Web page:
An investigation into the potential use of chelating agents and antibiotics as synchrony inducers in the fission yeast Schizosaccharomyces pombe

Graeme M. Walker, John H. Duffus

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Abstract

Following the discoveries that the divalent cation ionophore A23187 and the divalent cation chelating agent EDTA can be used to synchronize yeast cell division, a study has been undertaken of the possible use of other chelating agents and antibiotics which interact with divalent cations in controlling cell division in the fission yeast Schizosaccharomyces pombe. All the agents studied (five chelators and two antibiotics) arrested cell division in growing cultures of this yeast, but only sodium pyrophosphate and citrate induced synchrony of cell division. Novobiocin produced a transient inhibition of cell division, treated cells exhibiting "endogenous recovery" in the continued presence of the antibiotic. The results obtained are discussed in relation to the hypothesis that the concentration of intracellular Mg2+ regulates cell division.
Original languageEnglish
Pages (from-to)391-400
Number of pages10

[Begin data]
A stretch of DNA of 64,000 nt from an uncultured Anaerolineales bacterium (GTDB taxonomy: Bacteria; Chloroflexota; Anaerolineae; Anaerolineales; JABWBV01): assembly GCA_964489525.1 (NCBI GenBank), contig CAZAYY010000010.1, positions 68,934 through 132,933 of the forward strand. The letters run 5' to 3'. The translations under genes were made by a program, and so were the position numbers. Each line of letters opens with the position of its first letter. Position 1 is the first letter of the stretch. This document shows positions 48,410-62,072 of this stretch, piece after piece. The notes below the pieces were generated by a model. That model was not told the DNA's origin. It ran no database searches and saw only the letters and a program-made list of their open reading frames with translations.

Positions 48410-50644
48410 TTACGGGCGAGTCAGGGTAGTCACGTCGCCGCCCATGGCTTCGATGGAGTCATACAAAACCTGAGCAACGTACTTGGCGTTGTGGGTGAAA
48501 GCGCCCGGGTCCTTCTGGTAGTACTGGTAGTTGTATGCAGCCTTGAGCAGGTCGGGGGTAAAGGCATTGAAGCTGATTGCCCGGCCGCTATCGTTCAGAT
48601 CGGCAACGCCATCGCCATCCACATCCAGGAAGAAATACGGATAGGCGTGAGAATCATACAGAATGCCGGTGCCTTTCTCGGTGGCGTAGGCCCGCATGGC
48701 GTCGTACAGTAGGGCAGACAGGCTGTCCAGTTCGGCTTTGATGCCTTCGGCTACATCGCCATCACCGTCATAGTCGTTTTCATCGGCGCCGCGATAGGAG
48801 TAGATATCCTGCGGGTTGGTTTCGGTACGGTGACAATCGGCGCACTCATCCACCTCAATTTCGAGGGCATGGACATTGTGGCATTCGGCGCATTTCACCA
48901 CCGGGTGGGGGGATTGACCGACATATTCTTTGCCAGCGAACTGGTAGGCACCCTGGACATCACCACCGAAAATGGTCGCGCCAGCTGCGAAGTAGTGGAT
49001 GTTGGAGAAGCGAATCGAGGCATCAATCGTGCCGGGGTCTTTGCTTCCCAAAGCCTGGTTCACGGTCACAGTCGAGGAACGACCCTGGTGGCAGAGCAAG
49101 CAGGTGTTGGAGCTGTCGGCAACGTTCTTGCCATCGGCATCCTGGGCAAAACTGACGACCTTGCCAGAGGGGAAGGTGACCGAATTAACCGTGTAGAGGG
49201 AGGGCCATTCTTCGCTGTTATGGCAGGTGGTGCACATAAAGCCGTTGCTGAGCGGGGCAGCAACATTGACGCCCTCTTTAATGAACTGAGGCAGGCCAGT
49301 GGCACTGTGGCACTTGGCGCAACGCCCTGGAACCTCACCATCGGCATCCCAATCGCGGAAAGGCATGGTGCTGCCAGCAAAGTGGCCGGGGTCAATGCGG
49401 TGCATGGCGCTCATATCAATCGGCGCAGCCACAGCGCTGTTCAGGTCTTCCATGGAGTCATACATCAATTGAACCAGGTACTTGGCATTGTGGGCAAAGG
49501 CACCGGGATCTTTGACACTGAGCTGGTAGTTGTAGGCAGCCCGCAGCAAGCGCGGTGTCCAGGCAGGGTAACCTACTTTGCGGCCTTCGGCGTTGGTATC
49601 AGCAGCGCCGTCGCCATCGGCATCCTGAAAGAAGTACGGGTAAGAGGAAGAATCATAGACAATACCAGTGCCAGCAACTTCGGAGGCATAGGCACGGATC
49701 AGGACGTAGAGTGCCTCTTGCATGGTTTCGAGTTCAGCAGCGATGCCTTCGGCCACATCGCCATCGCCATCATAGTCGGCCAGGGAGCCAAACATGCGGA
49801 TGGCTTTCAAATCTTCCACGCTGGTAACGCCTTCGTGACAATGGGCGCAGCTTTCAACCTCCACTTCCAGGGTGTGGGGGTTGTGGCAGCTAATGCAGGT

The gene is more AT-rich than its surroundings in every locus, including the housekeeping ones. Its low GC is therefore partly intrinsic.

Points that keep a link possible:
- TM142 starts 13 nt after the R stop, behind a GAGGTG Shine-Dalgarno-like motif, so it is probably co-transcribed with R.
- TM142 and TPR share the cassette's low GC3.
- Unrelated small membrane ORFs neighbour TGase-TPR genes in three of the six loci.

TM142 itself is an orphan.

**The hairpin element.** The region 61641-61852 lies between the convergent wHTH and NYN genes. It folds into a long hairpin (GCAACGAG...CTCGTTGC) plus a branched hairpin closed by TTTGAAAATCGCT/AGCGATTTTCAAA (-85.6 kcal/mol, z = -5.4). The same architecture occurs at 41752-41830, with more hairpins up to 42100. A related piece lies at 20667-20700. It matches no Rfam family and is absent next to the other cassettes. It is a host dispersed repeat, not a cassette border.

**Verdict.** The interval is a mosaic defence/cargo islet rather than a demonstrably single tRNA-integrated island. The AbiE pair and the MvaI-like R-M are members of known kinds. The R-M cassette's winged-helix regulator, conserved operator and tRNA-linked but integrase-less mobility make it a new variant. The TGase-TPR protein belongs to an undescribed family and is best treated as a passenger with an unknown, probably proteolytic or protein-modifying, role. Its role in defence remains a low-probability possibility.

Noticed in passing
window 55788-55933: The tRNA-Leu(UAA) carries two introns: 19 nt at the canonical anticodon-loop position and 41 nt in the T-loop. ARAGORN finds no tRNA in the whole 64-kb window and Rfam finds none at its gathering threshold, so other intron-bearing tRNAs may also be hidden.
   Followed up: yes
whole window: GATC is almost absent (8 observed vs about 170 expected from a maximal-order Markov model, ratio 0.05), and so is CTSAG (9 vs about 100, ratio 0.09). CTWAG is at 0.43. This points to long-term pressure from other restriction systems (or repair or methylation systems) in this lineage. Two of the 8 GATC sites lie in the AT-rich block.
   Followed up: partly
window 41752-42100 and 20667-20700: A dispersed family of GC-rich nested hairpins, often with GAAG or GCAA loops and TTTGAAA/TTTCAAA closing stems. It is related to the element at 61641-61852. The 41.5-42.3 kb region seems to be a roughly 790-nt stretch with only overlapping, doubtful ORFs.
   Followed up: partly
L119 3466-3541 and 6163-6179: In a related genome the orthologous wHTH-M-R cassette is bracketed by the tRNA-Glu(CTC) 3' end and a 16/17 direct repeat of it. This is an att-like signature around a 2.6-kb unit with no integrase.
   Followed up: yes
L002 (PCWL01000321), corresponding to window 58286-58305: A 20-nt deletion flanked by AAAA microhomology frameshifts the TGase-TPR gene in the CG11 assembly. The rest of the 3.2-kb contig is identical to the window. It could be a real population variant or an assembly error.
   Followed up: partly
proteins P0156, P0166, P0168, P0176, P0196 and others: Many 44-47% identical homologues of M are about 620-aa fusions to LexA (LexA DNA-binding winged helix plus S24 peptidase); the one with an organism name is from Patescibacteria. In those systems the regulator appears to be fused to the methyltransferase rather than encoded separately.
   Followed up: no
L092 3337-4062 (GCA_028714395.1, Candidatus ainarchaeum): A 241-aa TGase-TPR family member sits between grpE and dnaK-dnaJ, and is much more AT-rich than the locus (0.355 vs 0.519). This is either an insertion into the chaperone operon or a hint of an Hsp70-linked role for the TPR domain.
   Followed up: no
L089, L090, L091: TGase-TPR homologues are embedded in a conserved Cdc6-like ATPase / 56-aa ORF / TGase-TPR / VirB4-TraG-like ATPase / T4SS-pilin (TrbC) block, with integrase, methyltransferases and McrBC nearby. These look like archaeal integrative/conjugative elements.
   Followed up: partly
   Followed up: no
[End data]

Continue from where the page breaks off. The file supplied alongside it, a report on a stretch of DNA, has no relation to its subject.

JournalJournal of General Microbiology
Volume114
Issue number2
DOIs
StatePublished - 1 Oct 1979

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abstract = "Following the discoveries that the divalent cation ionophore A23187 and the divalent cation chelating agent EDTA can be used to synchronize yeast cell division, a study has been undertaken of the possible use of other chelating agents and antibiotics which interact with divalent cations in controlling cell division in the fission yeast Schizosaccharomyces pombe. All the agents studied (five chelators and two antibiotics) arrested cell division in growing cultures of this yeast, but only sodium pyrophosphate and citrate induced synchrony of cell division. Novobiocin produced a transient inhibition of cell division, treated cells exhibiting {"}endogenous recovery{"} in the continued presence of the antibiotic. The results obtained are discussed in relation to the hypothesis that the concentration of intracellular Mg2+ regulates cell division.",
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AB - Following the discoveries that the divalent cation ionophore A23187 and the divalent cation chelating agent EDTA can be used to synchronize yeast cell division, a study has been undertaken of the possible use of other chelating agents and antibiotics which interact with divalent cations in controlling cell division in the fission yeast Schizosaccharomyces pombe. All the agents studied (five chelators and two antibiotics) arrested cell division in growing cultures of this yeast, but only sodium pyrophosphate and citrate induced synchrony of cell division. Novobiocin produced a transient inhibition of cell division, treated cells exhibiting "endogenous recovery" in the continued presence of the antibiotic. The results obtained are discussed in relation to the hypothesis that the concentration of intracellular Mg2+ regulates cell division.

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